PASS, then and now

Earlier this week, I told you about the early days of the Professional Association for SQL Server ( and how I came to be involved.  (Of course, I’m not an actual historian of the events.  So I’m sure I left out important information.) 


This topic came to mind because I was sitting in a PASS board of directors meeting that very day.  Things have changed a lot between the early days of PASS and now.  From the outside, there are some changes in the organization that are very easy to spot.  For example, the conferences have gotten much bigger, both in terms of the number of attendees at the event and the amount of educational content that PASS is able to provide. 


PASS has also grown in terms of the total content provided by Microsoft and the attention that the conference receives from members of the Microsoft SQL Server development team. This is a wonderful fringe benefit to the PASS event since an attendee can meet a very large number of the developers, development leads, and program managers for the develop of the SQL Server RDBMS at a single event.  In fact, it’s the best place short of Redmond to meet members of the SQL Server team.  You’ll be able to meet experts from almost every component area of the SQL Server team, even the obscure areas.  For example, Notification Services is well represented at PASS, in the same way as you would expect from one of the major components like the query optimizer.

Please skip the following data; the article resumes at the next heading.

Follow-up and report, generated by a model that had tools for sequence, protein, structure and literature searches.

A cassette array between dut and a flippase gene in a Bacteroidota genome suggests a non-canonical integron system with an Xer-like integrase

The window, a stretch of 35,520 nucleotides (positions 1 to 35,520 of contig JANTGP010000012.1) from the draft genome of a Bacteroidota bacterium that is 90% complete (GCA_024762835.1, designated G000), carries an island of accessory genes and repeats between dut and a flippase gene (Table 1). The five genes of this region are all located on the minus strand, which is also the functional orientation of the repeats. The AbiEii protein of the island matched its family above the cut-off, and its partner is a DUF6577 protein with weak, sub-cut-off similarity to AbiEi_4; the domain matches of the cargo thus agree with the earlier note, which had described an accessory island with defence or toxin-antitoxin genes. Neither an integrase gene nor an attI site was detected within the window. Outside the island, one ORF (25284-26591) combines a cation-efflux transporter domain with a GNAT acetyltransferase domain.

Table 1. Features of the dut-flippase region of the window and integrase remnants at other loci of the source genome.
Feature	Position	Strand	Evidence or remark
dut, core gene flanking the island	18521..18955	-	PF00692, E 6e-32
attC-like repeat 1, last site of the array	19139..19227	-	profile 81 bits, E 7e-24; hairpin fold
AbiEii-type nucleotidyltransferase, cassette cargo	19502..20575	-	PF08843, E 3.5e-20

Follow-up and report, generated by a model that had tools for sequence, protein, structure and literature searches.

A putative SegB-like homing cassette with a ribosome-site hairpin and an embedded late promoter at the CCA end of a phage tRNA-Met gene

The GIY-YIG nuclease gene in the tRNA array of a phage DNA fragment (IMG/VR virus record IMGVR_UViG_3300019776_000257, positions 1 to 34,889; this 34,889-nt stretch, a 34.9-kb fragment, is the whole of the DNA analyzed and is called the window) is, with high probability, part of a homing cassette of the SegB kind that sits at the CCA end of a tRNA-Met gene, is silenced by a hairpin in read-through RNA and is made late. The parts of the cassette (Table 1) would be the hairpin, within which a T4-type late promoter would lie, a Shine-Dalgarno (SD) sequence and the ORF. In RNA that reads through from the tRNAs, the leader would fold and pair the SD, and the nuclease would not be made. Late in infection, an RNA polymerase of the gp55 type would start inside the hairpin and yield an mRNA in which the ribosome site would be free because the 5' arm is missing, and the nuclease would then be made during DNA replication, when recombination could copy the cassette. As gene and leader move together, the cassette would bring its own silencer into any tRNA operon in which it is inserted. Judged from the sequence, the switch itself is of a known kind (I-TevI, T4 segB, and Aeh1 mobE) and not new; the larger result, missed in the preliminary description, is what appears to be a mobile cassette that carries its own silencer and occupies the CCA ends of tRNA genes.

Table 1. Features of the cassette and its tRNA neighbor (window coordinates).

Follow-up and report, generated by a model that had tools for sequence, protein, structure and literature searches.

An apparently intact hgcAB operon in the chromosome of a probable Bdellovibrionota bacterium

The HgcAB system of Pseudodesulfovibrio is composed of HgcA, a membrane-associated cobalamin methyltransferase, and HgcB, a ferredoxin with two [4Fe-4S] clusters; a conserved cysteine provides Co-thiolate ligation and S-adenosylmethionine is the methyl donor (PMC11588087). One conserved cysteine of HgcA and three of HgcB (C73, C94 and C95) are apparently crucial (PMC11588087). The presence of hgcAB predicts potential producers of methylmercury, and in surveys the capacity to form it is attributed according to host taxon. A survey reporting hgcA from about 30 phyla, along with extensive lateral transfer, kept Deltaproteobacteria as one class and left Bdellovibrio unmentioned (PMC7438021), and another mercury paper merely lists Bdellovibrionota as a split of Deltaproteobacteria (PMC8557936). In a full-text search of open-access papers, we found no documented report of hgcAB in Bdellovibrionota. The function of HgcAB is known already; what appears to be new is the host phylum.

Another example of the way in which the event has grown is the overall community involvement in the event.  PASS has participation and support from almost all of the major independent SQL Server web sites, such as,,, and SQL Server Magazine.  This year we’re looking forward to an even larger community engagement as the community looks forward to embracing Yukon.


Next week, I’ll tell you some more about PASS with regards to the internal operations of the organizations.  In the meanwhile, I’d enjoy hearing your thoughts about this year’s conferences (Munich in May and Grapevine, TX in September) or the organization as a whole.


Let me know what you think.







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